Turkey’s Missed Opportunities

By: Barin Kayaoğlu* for Al-Monitor Turkey Pulse
Earlier this month, two Al-Monitor contributors wondered how Turkey turned from the healthy man into the lonely man of Europe and the Middle East so quickly.
People stand facing the Ataturk Cultural Center during a protest at Taksim Square in Istanbul, June 18, 2013.
 The answer lies in a favorite device of history buffs: counterfactuals. What if Alexander the Great had lived longer and expanded his domains further? What if the Chinese and not the Europeans had “discovered” the Americas? Exploring alternative directions in history equips us with a deeper understanding of the past and present.

Thus, our question: What if the government of Prime Minister Recep Tayyip Erdogan had acted differently at critical turning points in the past few years?
An investigation like this is apt to start with the Kurdish question — still Turkey’s most important obstacle in becoming a democratic country. For the past thirty years, the conflict between the militant Kurdish group the Kurdistan Workers Party (PKK) and Turkish security forces has claimed nearly 40,000 lives. The fighting has retarded the social, economic and political development of Turkey. What if Turkey had resolved the Kurdish question by now?
In fact, the country came very close to answering that question in 2009, when Erdogan announced the “Kurdish opening.”
Since then, however, Erdogan’s government has done very little to address the grievances of Turkish Kurds. Quite the contrary: instead of giving the “opening” substance and direction, Erdogan’s Justice and Development Party (AKP) has wobbled between two extremes: at times, the prime minister and his subordinates embraced Kurds as fellow Muslims. At other times, however, Erdogan catered to the basest forms of ultra-nationalism — going so far as to threaten to restore capital punishment — which would have been used against Abdullah Ocalan, the PKK’s imprisoned leader. Despite the recent lull and claims that the PKK would lay down its arms in the near future, the conflict could re-escalate any time.
That is most unfortunate, because with an autonomous Kurdish government in Northern Iraq and the likely formation of another one in northern Syria, a Turkey free from its Kurdish problem could have looked to its southern borders with greater self confidence.
Speaking of Syria, what if Erdogan and Foreign Minister Ahmet Davutoglu had played their hand more cautiously after cutting ties with the regime of President Bashar al-Assad in 2011? By not supporting armed rebels in Syria, the Erdogan government could have flaunted its role as a safe haven for nearly a half million Syrian refugees and stood on moral high ground. Along the way, Turkish border towns such as Reyhanli might have been spared from the violence.
A smarter approach to the Syrian conflict could have also helped Turkey’s relations with Iran. As Ankara began supporting the Free Syrian Army (as well as extremist groups such as Jabhat al-Nusra against Assad, it lost immense credibility in Tehran. Had Turkey not ganged up on Iran’s main regional ally to form a Sunni axis with Saudi Arabia and Qatar, Iran might not have felt the need to send a high-ranking commander from the Revolutionary Guard to Kandil Mountain in order to coax the PKK's acting leader, Murat Karayilan, to continue the fight against the Turkish government.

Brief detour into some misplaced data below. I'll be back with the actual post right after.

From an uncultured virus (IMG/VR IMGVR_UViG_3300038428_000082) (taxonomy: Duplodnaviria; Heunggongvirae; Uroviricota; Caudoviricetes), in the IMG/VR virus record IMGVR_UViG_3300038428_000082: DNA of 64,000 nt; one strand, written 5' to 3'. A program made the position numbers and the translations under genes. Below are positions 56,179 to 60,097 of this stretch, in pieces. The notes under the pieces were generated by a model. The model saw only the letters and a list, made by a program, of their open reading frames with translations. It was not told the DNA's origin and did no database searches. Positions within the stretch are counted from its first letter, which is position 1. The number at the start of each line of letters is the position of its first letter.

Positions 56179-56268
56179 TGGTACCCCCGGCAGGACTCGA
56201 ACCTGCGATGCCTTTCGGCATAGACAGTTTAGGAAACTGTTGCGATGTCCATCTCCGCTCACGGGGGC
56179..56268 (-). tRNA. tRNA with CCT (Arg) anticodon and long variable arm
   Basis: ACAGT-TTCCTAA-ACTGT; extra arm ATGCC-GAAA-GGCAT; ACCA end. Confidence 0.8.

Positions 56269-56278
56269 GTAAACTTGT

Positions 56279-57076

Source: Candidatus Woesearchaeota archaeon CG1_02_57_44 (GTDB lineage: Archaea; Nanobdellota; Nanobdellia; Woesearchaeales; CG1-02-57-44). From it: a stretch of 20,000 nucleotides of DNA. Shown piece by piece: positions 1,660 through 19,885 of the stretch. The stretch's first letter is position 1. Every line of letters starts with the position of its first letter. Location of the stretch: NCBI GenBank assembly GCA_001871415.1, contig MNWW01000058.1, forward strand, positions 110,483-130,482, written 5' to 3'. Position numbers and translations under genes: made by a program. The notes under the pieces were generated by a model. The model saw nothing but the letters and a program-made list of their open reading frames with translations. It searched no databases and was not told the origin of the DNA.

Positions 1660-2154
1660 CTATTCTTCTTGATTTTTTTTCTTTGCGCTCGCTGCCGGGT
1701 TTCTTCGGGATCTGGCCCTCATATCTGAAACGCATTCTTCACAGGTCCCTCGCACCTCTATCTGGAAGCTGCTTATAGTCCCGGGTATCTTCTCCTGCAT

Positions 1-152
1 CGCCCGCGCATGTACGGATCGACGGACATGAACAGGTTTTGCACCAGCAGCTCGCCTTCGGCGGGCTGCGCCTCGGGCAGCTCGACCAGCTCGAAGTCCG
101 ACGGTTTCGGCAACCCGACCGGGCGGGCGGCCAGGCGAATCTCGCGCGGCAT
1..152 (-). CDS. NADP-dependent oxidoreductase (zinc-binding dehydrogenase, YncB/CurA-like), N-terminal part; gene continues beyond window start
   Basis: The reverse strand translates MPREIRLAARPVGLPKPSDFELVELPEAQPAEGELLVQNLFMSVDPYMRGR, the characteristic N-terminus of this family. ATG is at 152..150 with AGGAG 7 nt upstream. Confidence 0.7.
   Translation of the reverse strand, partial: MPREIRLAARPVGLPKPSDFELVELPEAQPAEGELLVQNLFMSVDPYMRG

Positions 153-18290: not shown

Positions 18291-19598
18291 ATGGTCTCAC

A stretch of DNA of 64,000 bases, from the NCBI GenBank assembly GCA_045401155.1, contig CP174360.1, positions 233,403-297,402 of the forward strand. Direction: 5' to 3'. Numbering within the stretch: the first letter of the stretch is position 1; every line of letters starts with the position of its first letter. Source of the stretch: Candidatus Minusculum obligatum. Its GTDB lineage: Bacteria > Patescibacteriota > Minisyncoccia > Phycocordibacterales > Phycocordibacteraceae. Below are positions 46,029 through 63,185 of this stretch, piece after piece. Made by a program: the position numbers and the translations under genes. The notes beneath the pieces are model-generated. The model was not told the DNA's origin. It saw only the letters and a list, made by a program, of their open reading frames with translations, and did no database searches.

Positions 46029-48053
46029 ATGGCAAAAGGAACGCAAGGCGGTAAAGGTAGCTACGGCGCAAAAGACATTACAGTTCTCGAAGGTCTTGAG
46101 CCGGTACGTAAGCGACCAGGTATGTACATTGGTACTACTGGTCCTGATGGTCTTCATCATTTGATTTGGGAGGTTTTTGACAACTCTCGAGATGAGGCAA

So what if there were greater trust in Turkish-Iranian relations? Much would be different, actually: Just as he had done in 2010, Erdogan could have mediated between the international community and Iran over the latter’s nuclear program. On a similar note, with the moderate Hassan Rouhani due to take over the presidency of Iran in a few days, Turkey could have acted as intermediary in a possible rapprochement between the United States and Iran.
Overall, a calmer and more nuanced approach to foreign events would have prevented a siege mentality from taking over Erdogan’s mind. Without so many external threats (real and imagined), the prime minister and his party might have reacted to the recent protests in Turkey with greater flexibility. (Of course, it would also be interesting to ask whether the protests would have gotten out of hand had Erdogan not not called the protestors “looters” or “rodents in the first place.)
With a less acrimonious home front, rather than demonizing the July 3 coup in Egypt for his own domestic purposes, Erdogan could have pursued two seemingly contradictory policies with ease: speaking out against the ouster of deposed president Mohammed Morsi as a matter of principle but also accepting Egypt’s political realities.
So what if Ankara had been more flexible toward the Egyptian uprising and coup in early July? Well, it would have continued to wield influence in Cairo while also reassuring its regional partners supporting the Egyptian coup that Turkish national interests and democratic proclivities are not mutually exclusive. And that would have truly set Turkey as a beacon of freedom, democracy and prosperity — something that Erdogan has long wished to see.
Of course, none of the above might have happened, anyway. Counterfactuals have their limits. After all, one cannot know what lay in the path untaken. But contemplating alternatives to learn the lessons of the past could help to correct one’s misguided actions. Let us hope that Erdogan and the AKP realize that fact sooner rather than later.
*Barın Kayaoglu, a visiting fellow in international security studies at Yale University, is finishing his doctorate in history at the University of Virginia

Δεν υπάρχουν σχόλια:

Δημοσίευση σχολίου

Υφίσταται μετριασμός των σχολίων.

- Παρακαλούμε στα σχόλια σας να χρησιμοποιείτε ένα όνομα ή ψευδώνυμο ( Σχόλια από Unknown θα διαγράφονται ).
- Παρακαλούμε να μη χρησιμοποιείτε κεφαλαία γράμματα στη σύνταξη των σχολίων σας.